2. It has to return either a Python dictionary, or an object compatible with the Starlette Response. If it is a dictionary, PyAPI Server will convert it into a JSONResponse.
  3. It doesn't have to be a coroutine function (defined using async def syntax), but it is highly recommended, especially if it needs to perform any asynchronous operations itself (e.g. if it makes a call to an external API).

A basic example of an endpoint function:

async def get_pet_by_id(request):
    return {
        "id": request.path_params['id'],
        "species": "cat",
        "name": "Lady Athena",
    }

Setting Endpoints on Application

The OpenAPI spec defines the endpoints ("paths") that the API handles, as well as the requests and responses it can recognise. Each endpoint has a field called operationId, which is supposed to be globally unique; PyAPI server takes advantage of this field to find the corresponding endpoint function.

Endpoint functions can be defined in several ways:

A Python Module

The first way is as a Python module that contains the endpoint functions. For example, assume that we have the module server/endpoints.py, looking something like this:

async def foo_endpoint(request):
    return {"foo": "bar"}

async def bar_endpoint(request):
    return {"bar": "foo"}

We can then define our application in the following way:

from myserver import endpoints

app = Application(spec=api_spec, module=endpoints)

Assuming, of course, that our OpenAPI spec contains operationIds named fooEndpoint and barEndpoint.

A Python Module Path

Alternatively, instead of an imported module we can pass a string in the form of a dot-separated path; for example, myserver.endpoints. The equivalent of the example above would now be:

app = Application(spec=api_spec, module="myserver.endpoints")

PyAPI Server will try to locate the endpoint module by combining the module argument and the operationId value, converting the function name to snake case if necessary. E.g. if the base is myserver.endpoints and the operationId is fooEndpoint, it will import the foo_endpoint function located in either myserver/endpoints.py (or myserver/endpoints/__init__.py). Also, if the operationId value itself contains dots it will try to build the full path, so some.extra.levels.fooBar will look for the module myserver/endpoints/some/extra/levels.py.

Setting Individual Endpoints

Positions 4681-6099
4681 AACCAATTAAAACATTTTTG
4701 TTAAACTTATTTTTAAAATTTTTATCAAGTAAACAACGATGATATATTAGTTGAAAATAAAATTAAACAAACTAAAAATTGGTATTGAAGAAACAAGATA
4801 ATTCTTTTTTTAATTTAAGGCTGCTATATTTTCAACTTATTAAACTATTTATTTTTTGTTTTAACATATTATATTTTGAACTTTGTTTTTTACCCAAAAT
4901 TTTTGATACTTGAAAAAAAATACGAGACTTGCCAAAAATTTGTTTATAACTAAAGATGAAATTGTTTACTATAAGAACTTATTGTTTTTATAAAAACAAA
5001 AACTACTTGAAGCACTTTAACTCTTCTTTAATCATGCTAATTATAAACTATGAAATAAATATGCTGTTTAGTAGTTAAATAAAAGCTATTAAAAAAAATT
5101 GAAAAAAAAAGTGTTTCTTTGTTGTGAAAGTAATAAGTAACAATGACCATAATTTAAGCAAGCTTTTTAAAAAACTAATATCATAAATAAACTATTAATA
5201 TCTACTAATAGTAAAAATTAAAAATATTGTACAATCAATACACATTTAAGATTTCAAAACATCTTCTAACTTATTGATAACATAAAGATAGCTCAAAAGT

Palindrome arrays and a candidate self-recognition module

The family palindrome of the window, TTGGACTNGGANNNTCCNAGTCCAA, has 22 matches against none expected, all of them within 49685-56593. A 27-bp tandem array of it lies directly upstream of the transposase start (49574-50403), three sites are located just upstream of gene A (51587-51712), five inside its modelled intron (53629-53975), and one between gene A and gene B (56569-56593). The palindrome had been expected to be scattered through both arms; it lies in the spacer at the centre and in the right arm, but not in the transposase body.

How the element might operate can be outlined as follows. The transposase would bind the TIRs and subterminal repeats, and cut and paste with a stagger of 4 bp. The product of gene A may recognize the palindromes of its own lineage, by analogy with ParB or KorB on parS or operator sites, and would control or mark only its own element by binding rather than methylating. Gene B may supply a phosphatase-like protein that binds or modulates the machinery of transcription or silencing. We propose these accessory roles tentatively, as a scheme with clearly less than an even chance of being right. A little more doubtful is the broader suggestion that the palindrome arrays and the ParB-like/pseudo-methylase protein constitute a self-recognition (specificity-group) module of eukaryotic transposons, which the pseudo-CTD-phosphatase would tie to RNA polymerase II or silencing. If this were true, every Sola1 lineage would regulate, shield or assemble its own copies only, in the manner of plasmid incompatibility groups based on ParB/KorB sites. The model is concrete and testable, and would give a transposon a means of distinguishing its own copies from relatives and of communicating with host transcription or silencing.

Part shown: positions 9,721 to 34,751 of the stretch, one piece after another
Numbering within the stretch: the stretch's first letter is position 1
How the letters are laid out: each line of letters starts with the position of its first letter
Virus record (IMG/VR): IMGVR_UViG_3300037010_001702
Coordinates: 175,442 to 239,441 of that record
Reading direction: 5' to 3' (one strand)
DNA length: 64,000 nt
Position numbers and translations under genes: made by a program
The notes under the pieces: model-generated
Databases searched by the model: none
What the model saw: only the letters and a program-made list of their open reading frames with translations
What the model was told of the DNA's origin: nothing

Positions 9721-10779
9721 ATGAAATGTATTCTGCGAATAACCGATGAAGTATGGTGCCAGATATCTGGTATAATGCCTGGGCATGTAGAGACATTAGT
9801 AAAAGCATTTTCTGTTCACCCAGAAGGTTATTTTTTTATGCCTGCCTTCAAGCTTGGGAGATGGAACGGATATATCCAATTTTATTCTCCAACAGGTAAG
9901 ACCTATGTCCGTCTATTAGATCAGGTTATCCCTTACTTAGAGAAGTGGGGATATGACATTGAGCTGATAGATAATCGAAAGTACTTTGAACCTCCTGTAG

The endpoints can also be set individually, using the set_endpoint method:

from pyapi.server import Application
from myserver.endpoints import some_endpoint, another_endpoint

app = Application(spec=api_spec)

app.set_endpoint(some_endpoint)

PyAPI Server determines the operation from the function name: in the example above it would be set on the operationId named someEndpoint. Alternatively, the operationId can be provided explicitly:

app.set_endpoint(another_endpoint, operation_id="someOtherOperationId")

The Endpoint Decorator

It is also possible to define endpoints as they are defines, using the endpoint decorator, which works analogous to the set_endpoint method:

app = Application(spec=api_spec)

@app.endpoint
def some_endpoint(request):
    ...

@app.endpoint(operation_id="someOtherOperationId")
def another_endpoint(request):
    ...

@app.endpoint("aCompletelyDifferentOperationId")
def yet_another_endpoint(request):
    ...

Custom Formatters and Deserializers

The server instance can be additionally configured with a few OpenAPI-specific custom handlers:

  • custom_formatters is a dict of custom formatter objects that will be applied both to requests and responses.
  • custom_media_type_deserializers are functions that can deserialise custom media types.

The custom formatters and deserializers are applied both to requests and responses.

Example:

app = Application(
    spec=api_spec,
    custom_formatters = {
        "email": EmailFormatter,
    },
    custom_media_type_deserializers = {
        "application/protobuf": protobuf_deserializer,
    }
)